How to properly bicycle

As a cyclist who commuted to school and work every day before my knee surgery, I have been through it all. Crashes, flat tires, near misses, insane drivers, insane cyclists and, of course, my own personal stupid mistakes.

Keeping safe as a bicycle commuter is top priority, and you don’t realize how important it is until you’ve been doing it for some time.

We cyclists hate those awful human beings who drive those big death machines that were only put on this earth by the Creator of the Universe to kill cyclists and pollute the earth.

And as a driver, we hate those dumb cyclists who keep taking up our road. If you can’t keep up with traffic, then you shouldn’t be here.

Blah, blah, blah, we’re all wrong, except when we adamantly scream at the top of our lungs and throw a QuikTrip cup out of our moving vehicles to hit a cyclist. Or when we get to the stoplight and kick the side of a car before cycling into the crowd.

Both sides can inhabit the roads in a better way. All too often do I see cyclists who don’t know how to ride well and make stupid mistakes, and I see drivers who think they own the land. Can’t we give peace a chance?

I know this has been a rivalry as fierce as the one between Palestinians and Israelis, but maybe if we can co-exist, they will too.

For one thing, if you’re on a bicycle you should ride on the right-hand side of the road.

I understand the thought process of going against traffic; you’ll see the cars coming. Sure, you’ll see the cars coming, but you won’t be able to do anything about it. You’ll just see what hit you.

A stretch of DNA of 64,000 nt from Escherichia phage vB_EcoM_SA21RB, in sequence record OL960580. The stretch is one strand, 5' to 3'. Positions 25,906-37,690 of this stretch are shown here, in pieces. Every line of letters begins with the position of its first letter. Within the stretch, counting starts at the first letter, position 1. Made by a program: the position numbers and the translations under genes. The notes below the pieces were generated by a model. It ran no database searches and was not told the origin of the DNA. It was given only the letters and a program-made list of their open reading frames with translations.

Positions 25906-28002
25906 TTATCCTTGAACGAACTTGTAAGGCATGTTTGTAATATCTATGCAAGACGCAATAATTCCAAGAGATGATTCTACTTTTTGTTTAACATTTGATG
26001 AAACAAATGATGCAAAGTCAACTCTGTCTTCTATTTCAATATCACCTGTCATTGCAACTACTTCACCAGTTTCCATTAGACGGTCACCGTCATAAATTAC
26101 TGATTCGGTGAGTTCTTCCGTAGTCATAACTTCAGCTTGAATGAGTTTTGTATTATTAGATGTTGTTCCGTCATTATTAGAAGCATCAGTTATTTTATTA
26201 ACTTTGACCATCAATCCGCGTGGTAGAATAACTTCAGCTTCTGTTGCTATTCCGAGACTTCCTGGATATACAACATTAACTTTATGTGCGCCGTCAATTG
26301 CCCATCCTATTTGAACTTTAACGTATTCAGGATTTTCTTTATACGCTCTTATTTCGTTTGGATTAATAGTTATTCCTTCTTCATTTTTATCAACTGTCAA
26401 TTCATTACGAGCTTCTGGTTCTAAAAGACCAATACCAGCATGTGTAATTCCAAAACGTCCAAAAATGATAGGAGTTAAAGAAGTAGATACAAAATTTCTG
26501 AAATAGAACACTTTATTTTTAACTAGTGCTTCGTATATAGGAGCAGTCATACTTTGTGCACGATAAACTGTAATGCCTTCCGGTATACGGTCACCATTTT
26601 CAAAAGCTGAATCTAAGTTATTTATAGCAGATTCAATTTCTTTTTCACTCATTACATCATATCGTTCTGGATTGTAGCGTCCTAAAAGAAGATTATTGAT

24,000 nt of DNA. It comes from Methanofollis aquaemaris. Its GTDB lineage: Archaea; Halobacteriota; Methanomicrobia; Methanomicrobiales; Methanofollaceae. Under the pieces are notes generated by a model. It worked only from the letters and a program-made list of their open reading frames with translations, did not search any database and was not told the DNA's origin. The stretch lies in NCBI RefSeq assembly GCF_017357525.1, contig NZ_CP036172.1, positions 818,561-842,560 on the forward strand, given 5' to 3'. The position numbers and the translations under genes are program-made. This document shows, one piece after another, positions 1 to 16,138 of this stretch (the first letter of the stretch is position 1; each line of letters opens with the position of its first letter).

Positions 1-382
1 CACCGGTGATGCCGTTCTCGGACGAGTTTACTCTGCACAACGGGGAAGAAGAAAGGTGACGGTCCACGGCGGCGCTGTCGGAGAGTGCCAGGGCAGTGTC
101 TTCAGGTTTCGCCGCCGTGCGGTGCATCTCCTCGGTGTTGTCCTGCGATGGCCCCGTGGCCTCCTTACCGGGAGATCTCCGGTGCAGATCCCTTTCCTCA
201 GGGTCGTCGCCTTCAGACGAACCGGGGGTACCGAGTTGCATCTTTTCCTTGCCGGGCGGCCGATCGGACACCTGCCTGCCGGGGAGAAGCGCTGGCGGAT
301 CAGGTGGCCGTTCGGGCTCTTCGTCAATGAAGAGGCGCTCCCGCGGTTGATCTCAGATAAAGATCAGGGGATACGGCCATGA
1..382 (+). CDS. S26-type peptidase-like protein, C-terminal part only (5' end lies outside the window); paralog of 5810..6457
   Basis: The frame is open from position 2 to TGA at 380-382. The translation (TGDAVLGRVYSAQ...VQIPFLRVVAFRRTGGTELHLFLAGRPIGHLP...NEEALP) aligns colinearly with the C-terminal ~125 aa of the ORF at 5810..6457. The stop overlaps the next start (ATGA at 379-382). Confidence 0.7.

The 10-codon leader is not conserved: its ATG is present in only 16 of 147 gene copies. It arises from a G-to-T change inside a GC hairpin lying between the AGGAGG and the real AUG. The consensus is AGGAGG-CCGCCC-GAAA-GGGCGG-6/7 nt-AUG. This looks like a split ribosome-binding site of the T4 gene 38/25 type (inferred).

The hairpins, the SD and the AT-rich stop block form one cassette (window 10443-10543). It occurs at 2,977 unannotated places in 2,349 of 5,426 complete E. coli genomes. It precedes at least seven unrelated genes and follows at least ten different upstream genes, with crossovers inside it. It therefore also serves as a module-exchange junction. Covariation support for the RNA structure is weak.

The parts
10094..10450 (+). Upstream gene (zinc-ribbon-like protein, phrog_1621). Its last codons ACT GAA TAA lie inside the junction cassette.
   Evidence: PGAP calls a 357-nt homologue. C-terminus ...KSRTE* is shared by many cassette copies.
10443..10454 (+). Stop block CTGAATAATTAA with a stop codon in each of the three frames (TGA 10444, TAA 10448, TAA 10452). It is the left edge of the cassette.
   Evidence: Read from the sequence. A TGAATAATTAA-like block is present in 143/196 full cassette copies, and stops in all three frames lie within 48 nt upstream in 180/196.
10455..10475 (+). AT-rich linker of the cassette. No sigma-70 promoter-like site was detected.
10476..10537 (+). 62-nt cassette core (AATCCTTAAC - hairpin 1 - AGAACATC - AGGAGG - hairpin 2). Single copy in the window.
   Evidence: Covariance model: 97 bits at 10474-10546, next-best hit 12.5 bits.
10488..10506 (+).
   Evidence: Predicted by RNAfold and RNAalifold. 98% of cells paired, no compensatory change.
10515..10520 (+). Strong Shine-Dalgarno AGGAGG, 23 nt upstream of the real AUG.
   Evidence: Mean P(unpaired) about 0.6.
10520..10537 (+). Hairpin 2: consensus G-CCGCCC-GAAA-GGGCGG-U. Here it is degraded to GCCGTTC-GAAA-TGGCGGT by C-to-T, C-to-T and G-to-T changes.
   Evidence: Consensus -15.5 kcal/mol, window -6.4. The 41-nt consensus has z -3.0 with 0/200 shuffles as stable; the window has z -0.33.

Once, a few friends and I were riding against traffic on the sidewalk and a police truck was pulling out of the Dutch Bros. on Camelback Road and Central Avenue. As the leader of our peloton, I assumed he saw us so I passed him first, completely fine.

My buddy on the other hand, who was second in line, was hit by the officer’s vehicle as it pulled out. The officer didn’t see him.

Fortunately, my friend and the bike were completely fine and one of the first things the officer said was, “Aren’t you supposed to be riding with traffic?”

The officer and my friend were lucky because no one was hurt. So, when you’re riding with traffic, the cars will see you and they’re anticipating you. So, like, start doing it?

“Cyclists have the very same rights and responsibilities as motorists,” according to the Governor’s Office of Highway Safety.

That right there is music to my ears. As a cyclist, you should obey traffic signs, signal your lane change plans with your hands and you can use the road. But in slower traffic, cyclists must stick to the right side of the road.

Drivers need to understand we’re within our full right of the law to ride on the road, even when there isn’t a bike lane.

There are times, though, when you shouldn’t be riding your bike on the road. Cyclists need to know where the bike lanes are, so they can start using them.

If you’re traveling north in downtown Phoenix you should use Third Avenue because there is a wonderful bike lane there and no one uses it. Don’t use Third Street and ride on the road or Central Avenue during high traffic because you’re putting yourself at risk. There is a better route.

The biggest thing, beside realizing I should ride with a helmet and knowing where the best routes are for cyclists, was learning to never assume anything on the road.

Err to caution and assume every driver on the road has not seen you yet. Like with my police truck story, I should not have assumed the officer saw us.

Drivers must realize we don’t trust them and it is no one’s fault. It’s a part of life. I’d rather hold up traffic for a moment than assume the guy turning left into my lane saw me.

Because at the end of the day we’re all trying to get home safe, so let's all be civil.

Reach the writer via twitter @jesse_millard or at jamillar@asu.edu.


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